How did you first get into medicine?

I was studying maths, further maths, physics and chemistry at A Level and really wanted to be a particle physicist. Then I realised that three of the other six people doing these four A Levels at my sixth form college were far cleverer than me and if I studied physics at university I would be in the bottom of the class!

Also, I liked the idea of a mix of science and working with people, and was brought up to think of working for the community as a worthy aim in life.

What inspired you to pursue vascular surgery as a specialty?

I trained in vascular and transplant surgery and worked as a consultant in both specialties for the first five years as a consultant. Both specialties require an excellent knowledge of medicine and need the clinician to think of the whole patient and their co-morbidity, as well as the immediate problem where a surgical solution is only part of the management.

Hence the old adage in vascular and transplant surgery: 'Think like a physician and behave like a surgeon'.

I also worked for some fantastic role models, like Richard Corbett, Rozanne Lord and Stephen Brearley.

How does vascular surgery differ from other surgical settings?

There is a lot of out-of-hours work and about 50% of our operative workload is generated from urgent or emergency presentations. A large amount of our outpatient work is non-operative management, initiating best medical therapy and managing expectations.

The other part of our elective work is very rewarding, with technically challenging surgery making a difference to the quality and duration of people's lives – carotid surgery in preventing stroke, abdominal aortic surgery in prolonging life, and treatment of peripheral arterial occlusive disease in improving quality of life or in limb salvage.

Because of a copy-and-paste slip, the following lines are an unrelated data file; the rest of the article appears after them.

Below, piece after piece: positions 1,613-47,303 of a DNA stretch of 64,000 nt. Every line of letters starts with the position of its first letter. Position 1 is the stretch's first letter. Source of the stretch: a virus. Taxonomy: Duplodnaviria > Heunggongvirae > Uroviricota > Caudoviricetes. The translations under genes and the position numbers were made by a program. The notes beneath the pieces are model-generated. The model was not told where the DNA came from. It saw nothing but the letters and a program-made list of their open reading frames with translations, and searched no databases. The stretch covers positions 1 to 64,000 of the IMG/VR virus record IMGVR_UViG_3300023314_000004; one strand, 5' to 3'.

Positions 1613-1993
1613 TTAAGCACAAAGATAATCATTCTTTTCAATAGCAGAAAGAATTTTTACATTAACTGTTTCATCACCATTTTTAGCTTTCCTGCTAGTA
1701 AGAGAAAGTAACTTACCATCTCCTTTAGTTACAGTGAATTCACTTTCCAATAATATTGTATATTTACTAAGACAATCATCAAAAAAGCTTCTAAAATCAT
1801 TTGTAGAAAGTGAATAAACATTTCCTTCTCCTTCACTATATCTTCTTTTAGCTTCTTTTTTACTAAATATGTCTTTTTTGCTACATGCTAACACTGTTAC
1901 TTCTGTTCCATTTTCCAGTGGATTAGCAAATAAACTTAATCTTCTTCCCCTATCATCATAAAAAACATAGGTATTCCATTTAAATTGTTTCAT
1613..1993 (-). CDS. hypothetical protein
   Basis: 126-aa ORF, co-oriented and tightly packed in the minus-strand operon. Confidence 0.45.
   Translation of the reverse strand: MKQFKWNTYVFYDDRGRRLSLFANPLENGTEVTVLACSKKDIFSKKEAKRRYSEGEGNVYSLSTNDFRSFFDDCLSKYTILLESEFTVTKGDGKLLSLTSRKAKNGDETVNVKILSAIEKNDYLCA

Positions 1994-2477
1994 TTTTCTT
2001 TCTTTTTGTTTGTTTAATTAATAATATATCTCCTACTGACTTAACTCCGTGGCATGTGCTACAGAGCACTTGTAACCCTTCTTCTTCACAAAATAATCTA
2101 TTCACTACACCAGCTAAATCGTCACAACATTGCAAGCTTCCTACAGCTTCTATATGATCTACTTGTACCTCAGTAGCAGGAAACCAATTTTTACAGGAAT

The variety of surgery is also an attraction – operating on all parts of the body – as well as the emergency operating for limb salvage (for acute limb ischaemia) and life saving for ruptured abdominal aortic aneurysms and multiple traumas.

What additional skills have you learned as a result?

I've learned mainly about the combination of best medical therapy, lifestyle modification and surgical interventions working in combination to get the best outcomes for patients.

I've also learned how important it is to work in teams to offer the best option for patients, as it sometimes means asking colleagues for help or to take over the care of your patient – most importantly in the use of meaningful dialogue with patients and their families to get shared decision making and hence shared responsibility for the outcomes of treatment and management of their condition.

The future of vascular surgery is bright.

What advice would you give to a student who is considering this specialty?

Vascular surgery has undergone a revolution in the last decade with advances in endovascular techniques, prosthetics and the centralisation of services to 80 centres in the UK.

There is an increasing workload from an ageing population, the epidemic of diabetes and obesity, so there is much work to do.

The future of vascular surgery is bright, but the future vascular specialist needs a mindset of being 'a physician who can operate' rather than a technical surgeon alone.


This article was correct at publication on 13/12/2017. It is intended as general guidance for members only. If you are a member and need specific advice relating to your own circumstances, please contact one of our advisers.

Professor Ashok Handa

MBBS FRCS FRCS(Ed)

Ashok Handa is a consultant vascular surgeon at the Oxford University Hospitals NHS Trust, based at the John Radcliffe Infirmary. His academic roles include Director of Surgical Education at the University of Oxford and he is Associate Professor in Surgery. He is a Fellow by Special Election in medicine at St Catherine's College and a co-director of the Collaborating Centre for Values-Based Practice in Health and Social Care. He is also a member of council of the MDU.

See more by Professor Ashok Handa